Researchers at the National Institute of Standards and Technology (NIST) have redesigned the atomic force microscope (AFM). AFMs, premier tools in nanotechnology, use a small probe, or tip, to map the submicroscopic hills and valleys it comes in contact with.
Although the AFM has already revolutionized the understanding of nanostructures, scientists are now eager to study nanoscale phenomena, such as the folding of proteins or the diffusion of heat, which happen too quickly and generate changes too small to be accurately measured by existing versions of the microscope.
By fabricating an extremely lightweight AFM probe and combining it with a nanoscale device that converts minuscule deflections of the probe into large changes of an optical signal inside a waveguide, the researchers have broken new ground: Their redesigned AFM measures rapid changes in structure with high precision. This lets the new AFM measure time-varying nanoscale processes that may change as quickly as 10 billionths of a second.
The new AFM features two key elements. First, the researchers shrunk and slimmed down the AFM’s probe—a small cantilever that acts like a spring—deflecting and vibrating when it touches the sample. The new probe, which was made by NIST, weighs a mere trillionth of a gram. The minuscule mass lets the probe respond more quickly to tiny forces or displacements.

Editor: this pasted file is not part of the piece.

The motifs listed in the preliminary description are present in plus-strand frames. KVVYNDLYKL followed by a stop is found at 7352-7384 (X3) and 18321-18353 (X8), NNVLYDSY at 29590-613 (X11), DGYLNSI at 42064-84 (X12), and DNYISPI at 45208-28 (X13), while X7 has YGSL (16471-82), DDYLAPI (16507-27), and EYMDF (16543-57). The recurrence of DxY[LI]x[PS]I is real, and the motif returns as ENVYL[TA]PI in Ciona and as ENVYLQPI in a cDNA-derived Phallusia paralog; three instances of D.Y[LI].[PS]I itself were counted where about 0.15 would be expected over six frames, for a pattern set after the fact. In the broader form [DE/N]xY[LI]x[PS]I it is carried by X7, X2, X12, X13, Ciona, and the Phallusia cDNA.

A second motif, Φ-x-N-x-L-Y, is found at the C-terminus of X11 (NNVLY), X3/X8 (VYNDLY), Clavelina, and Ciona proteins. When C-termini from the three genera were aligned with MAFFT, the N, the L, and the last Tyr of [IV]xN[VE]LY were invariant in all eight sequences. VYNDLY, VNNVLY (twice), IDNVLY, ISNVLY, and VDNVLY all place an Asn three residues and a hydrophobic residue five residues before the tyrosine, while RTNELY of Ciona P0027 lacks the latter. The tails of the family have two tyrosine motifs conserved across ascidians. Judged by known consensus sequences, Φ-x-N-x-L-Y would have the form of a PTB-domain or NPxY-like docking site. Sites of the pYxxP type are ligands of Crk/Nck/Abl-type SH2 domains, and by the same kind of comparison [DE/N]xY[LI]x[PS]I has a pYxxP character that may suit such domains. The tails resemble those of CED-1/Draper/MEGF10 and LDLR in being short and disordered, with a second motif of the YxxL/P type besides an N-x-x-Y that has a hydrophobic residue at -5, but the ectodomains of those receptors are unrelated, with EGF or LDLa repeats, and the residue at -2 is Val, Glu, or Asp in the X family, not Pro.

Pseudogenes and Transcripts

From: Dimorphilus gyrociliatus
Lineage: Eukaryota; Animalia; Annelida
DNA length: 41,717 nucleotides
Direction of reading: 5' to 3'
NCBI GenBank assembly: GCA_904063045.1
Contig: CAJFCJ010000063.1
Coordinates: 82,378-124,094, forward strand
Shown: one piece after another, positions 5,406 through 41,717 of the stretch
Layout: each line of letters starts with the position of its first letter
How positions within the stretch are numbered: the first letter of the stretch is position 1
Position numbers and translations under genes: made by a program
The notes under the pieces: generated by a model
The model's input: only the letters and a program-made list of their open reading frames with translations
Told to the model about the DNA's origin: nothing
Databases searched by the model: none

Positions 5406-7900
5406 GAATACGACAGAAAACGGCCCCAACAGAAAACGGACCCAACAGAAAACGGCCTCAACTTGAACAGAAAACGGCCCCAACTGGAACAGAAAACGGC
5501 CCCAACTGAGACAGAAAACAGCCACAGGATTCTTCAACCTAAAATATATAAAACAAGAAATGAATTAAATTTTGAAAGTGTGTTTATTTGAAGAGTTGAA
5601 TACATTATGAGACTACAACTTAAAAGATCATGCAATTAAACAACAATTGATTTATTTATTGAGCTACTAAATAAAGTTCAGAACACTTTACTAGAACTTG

The researchers integrated the cantilever with a miniature disk resonator that acts like an optical version of a whispering gallery. Just as a whispering gallery lets certain sound frequencies travel freely around a dome, the resonator lets certain frequencies of light to circulate around the disk.
The AFM cantilever and the disk are separated by only 150 nm. That’s close enough that tiny motions of the cantilever change the resonant frequencies in the disk, in effect transforming the AFM probe’s small mechanical motions into large changes in optical signal.